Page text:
Sampras continued to shine in Game 5, clocking brutal service returns. He did, however, take offense to a bit of heckling. I didn't hear the comment in question, but it prompted Sampras to glare into the stands and ask, "Who said that? You think you're funny, huh?" Pete got right back to business on break point, ripping a return at Fisher, who helplessly blocked a volley long. Newport Beach now had a double break advantage...and Sampras rubbed salt in the wound by launching an ace to open Game 6. The combination of power from Sampras and touch from Leach was simply too much. Leach made a nifty drop volley on set point to end it, 5-1 for the visitors.

After the match, I asked Rik de Voest what his nerves were like coming out for that first encounter with Sampras. "I didn't feel nervous, but probably was. I came out and things just happened a little faster than what I thought they would happen. They played well. Pete came out and ripped, didn't miss a return. That's -- I won't say a weakness, but it's not one of his strengths and he was just playing unbelievable. His partner Rick Leach was helping him out. They just came out and were on fire."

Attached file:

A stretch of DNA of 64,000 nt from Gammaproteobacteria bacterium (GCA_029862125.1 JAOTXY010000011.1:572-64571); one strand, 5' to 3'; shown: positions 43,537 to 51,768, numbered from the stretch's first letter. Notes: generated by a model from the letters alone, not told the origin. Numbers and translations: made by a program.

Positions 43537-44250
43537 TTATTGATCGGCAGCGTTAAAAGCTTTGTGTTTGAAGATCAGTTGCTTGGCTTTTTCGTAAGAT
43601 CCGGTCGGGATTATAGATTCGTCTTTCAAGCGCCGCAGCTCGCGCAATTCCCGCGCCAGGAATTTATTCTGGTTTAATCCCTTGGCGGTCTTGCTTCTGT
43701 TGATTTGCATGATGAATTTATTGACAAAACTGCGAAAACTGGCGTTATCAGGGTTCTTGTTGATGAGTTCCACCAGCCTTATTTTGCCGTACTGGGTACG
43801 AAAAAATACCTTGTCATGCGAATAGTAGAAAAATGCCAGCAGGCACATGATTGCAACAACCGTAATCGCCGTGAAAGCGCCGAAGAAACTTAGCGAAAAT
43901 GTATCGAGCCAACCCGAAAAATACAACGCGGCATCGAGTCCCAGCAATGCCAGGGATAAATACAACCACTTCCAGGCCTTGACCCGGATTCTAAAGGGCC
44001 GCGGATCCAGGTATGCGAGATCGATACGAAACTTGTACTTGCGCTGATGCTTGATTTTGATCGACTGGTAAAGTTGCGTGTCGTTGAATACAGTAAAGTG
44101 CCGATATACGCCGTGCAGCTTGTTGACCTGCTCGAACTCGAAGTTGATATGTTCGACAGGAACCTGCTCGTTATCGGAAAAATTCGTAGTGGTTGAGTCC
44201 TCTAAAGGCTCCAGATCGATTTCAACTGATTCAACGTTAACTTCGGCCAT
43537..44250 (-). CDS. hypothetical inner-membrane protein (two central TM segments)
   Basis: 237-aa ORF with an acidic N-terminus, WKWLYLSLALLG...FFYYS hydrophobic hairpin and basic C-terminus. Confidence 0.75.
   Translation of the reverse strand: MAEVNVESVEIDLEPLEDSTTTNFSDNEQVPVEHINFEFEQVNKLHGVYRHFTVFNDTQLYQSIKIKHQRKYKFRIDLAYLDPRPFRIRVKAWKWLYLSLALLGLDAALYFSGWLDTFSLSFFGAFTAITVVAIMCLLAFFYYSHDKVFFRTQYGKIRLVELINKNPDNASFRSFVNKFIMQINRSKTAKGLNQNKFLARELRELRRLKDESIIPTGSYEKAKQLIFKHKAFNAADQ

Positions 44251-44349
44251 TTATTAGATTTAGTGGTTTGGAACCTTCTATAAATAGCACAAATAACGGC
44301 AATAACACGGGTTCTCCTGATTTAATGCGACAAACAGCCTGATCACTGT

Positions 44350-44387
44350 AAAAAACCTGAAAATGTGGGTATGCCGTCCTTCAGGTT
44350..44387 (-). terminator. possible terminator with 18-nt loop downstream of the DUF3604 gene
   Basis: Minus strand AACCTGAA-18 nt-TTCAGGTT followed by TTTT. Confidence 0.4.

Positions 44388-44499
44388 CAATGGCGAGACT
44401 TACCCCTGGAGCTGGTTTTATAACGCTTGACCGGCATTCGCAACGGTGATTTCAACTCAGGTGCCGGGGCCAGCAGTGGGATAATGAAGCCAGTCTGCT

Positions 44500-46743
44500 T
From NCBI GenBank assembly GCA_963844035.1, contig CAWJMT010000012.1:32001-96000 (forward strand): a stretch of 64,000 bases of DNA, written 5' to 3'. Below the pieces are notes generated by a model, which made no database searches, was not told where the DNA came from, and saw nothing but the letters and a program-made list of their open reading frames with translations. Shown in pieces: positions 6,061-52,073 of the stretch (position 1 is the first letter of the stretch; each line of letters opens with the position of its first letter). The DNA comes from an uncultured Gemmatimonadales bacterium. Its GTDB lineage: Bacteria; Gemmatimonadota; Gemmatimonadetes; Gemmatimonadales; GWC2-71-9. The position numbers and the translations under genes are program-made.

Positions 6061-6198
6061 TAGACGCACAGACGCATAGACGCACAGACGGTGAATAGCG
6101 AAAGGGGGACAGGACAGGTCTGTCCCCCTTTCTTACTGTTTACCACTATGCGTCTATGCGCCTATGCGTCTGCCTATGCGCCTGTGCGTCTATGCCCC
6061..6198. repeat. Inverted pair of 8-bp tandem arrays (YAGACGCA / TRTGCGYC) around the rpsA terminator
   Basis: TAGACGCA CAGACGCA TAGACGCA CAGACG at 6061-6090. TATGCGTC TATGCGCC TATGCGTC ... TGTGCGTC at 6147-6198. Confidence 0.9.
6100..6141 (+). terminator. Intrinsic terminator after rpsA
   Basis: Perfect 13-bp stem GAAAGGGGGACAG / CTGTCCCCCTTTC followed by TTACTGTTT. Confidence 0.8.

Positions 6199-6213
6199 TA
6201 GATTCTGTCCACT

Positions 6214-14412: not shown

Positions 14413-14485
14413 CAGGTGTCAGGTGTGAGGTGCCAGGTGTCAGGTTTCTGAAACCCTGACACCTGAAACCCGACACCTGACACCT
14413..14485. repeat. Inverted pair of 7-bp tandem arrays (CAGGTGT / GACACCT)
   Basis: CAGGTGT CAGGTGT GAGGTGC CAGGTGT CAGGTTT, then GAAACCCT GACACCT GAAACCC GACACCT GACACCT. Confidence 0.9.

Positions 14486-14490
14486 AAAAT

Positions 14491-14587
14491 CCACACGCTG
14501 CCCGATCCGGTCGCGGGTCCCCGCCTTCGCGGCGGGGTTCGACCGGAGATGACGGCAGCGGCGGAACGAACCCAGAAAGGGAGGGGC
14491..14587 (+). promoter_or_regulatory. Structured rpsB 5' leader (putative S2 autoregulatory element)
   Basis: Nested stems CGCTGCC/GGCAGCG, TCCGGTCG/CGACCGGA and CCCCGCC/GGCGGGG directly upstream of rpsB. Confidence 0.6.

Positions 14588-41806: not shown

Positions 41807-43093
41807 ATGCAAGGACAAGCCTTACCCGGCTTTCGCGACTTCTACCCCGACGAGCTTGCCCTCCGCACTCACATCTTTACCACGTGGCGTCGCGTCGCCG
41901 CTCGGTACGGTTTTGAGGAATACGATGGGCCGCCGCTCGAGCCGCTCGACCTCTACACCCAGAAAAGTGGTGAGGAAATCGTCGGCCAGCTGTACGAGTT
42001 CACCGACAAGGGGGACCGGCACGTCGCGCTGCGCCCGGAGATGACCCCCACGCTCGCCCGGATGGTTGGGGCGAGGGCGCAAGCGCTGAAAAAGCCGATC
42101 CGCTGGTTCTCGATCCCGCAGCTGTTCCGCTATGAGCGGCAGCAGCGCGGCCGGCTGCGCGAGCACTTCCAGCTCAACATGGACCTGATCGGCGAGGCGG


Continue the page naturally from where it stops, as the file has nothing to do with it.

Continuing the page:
Second set: men's singles -- Rik de Voest vs. Pete Sampras

For the first time since his emotional induction into the International Tennis Hall of Fame, Pete Sampras stepped to the line for a set of singles action. When the umpire announced "Serving for Newport, Pete Sampras" a roar came from the crowd and didn't die down until the 35-year-old had already thrown an ace down the T for 15-0. Having settled down considerably since the doubles, however, Rik de Voest came to play. He scrapped his way to an early break chance at 30-40...only to see Sampras unleash back-to-back service winners to hold for 1-0.